August 23, 2012

Custom omelet on butter toasted brioche

I seriously think my friend Sowmya should start her own blog, with all her awesome recipes. I stayed back at her place fro the night, and she whipped up a fancy breakfast for the kids and me. Here is one such custom omelet served with warm butter toasted brioche, and sausages. Pair it with fresh mango juice, nothing to beat it. 

What you need: Serves 3 to 4, makes two large omelets
6 eggs (or Egg substitute)
1 cup red and green colored peppers, diced
1/2 cup white onions, diced
1 cup baby spinach leaves
1 cup fresh mushrooms, diced
1 1/2 Tbsp grated cheese of your choice
1/8 tsp ground nutmeg
salt and pepper to taste
2 Tbsp oil

In a bowl, beat the eggs and stir in nutmeg, salt, and pepper; set aside.

In a medium skillet, add oil and let it warm up on medium heat. Add in the peppers, onions and mushroom and saute it lightly for a minute. Set aside on a plate. 

Put the skillet back on medium heat, and coat it with cooking spray or a generous amount of oil, too prevent sticking.

Pour in the egg. Cook for a minute on medium heat, sprinkle the cooked veggies, mushroom and finally the spinach. 

Test the edges to see if the omelet is nearly set, and carefully flip it over. Cook for another 30 seconds and turn it off. 

Sprinkle some cheese, and let it melt before you serve. Cut it down to quarters and have them on butter toasted brioche. Enjoy! ..I definitely did :-)

August 3, 2012

Pink roses cake

Just posting pictures. The recipes are in the links. Here is a 6 inch yellow cake covered with buttercream frosting.

Malabar Chicken Pilaf

What comes to mind when you think of the word "Malabar"? Scorching sun, sandy beaches, monsoon rains, lush green mountain slopes, house boats, the backwaters, isles of coconut trees, fresh coconut juice, milky coconut creme scooped out of coconut shells, Kerala..seafood...pilaf..this is a Malabar inspired Pilaf rich in coconut milk, and I bet it will remind of your cherished days by the Southern Coast.

What you need: Serves 4-6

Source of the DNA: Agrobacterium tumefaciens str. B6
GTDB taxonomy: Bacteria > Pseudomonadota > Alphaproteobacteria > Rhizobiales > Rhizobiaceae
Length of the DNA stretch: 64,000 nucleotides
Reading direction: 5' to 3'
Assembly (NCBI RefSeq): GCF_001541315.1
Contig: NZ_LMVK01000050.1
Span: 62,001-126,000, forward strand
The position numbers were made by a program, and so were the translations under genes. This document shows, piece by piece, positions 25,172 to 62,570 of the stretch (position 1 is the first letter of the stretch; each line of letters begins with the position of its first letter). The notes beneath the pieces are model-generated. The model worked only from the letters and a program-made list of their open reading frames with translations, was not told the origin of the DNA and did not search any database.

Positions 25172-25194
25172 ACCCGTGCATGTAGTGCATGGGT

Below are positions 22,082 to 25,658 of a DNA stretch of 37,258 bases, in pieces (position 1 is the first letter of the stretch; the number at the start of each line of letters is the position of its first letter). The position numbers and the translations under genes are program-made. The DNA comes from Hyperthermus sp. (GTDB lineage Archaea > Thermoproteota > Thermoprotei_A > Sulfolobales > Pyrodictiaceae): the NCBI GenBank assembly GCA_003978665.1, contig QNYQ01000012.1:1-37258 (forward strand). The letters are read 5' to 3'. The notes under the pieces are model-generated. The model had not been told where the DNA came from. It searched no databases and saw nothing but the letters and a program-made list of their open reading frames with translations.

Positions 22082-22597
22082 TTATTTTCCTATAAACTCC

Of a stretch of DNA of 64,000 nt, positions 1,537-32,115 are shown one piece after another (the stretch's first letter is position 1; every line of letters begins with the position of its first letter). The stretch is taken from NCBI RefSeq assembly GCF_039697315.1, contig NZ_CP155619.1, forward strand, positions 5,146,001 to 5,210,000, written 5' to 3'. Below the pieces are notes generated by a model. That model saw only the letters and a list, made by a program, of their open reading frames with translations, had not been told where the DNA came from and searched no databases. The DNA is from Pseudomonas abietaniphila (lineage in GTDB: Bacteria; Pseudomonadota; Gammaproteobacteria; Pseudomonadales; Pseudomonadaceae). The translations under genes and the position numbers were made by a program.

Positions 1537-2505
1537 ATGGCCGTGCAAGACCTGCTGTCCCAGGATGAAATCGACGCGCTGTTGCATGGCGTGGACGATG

6 chicken drumsticks
3 cups white or brown basmati rice
1 cup rich coconut milk 
6 cups boiling water
1 tsp Whole Garam masala (1/2 inch cinnamon, 2 cardamoms, 4 cloves, 1 bay leaf)
1 tsp somph (fennel seeds)
2 tsp finely chopped fresh ginger and garlic or use ginger garlic paste
2 cups chopped onions
2 whole green chillies slit
1/4 cup lime juice
2 Tbsp olive oil or ghee/clarified butter 
Salt to taste
Boiling water - about 6 cups
A thick dish towel that is soaked in boiling water

To grind: 6 sticks of fresh cilantro, 15 small green hot chilies (Use more or less, as you choose), ½ tsp turmeric powder, 1 tsp black pepper seeds, 1 tsp finely ginger and 1 tsp finely chopped garlic

To marinate: 2Tbsp yogurt, 1/2 tsp turmeric and salt to taste
First, marinate the raw chicken with the mentioned ingredients. Set aside overnight in the fridge or for a couple of hours. Soak the raw rice in cold water. Set aside for 20 minutes. If you are using brown rice, soak it for an hour.

Add oil into a large, hollow saucepan. Over medium-high heat, add the whole garam masala, and fennel seeds. After a minute add in the 2 slit green chillies and a cup of onions. Saute for another minute. Cover the pan to avoid the chili seeds from spluttering. Add the ground masala paste. Cook on medium for about 5-7 minutes.

Add the marinated chicken into this pan and let it cook on medium heat for about 7-10 minutes. Add in the cup of coconut milk and let the mixture bubble. Add salt and then pour in 5 cups of hot water (reduce the water by 1 cup if you like your pilaf flaky, or add 1/2 cup more if you like it soft and mushy) and bring to a boil. 

Drain the soaked rice and add it into the bubbling mixture slowly. Let it cook on medium-high for about 3 minutes until the mixture is into a rolling boil. Add in the lime juice, turn the heat to low for the next 12-15 minutes. 

Soak a dish towel in boiling water, drain and ring it carefully, watching not to burn your hands. Cover it over the top of the pan and then close the lid to seal in the pilaf. The damp towel helps making the pilaf moist, and uniformly cooked. 

Test to see if the rice is cooked. If it is watery, let it stay on low heat for a few more minutes. The chicken should peel easily, and the rice should be soft and greasy. Turn off the heat. 

In a a small saucepan, saute the remaining cup of chopped onions in a spoon of oil. Turn it off when its the edges of the onion are browned. Smear the top of the pilaf with 1tsp ghee and some more fresh lime juice if you like. Serve hot with browned onions, a slice of lime and some cool yogurt salad. Enjoy!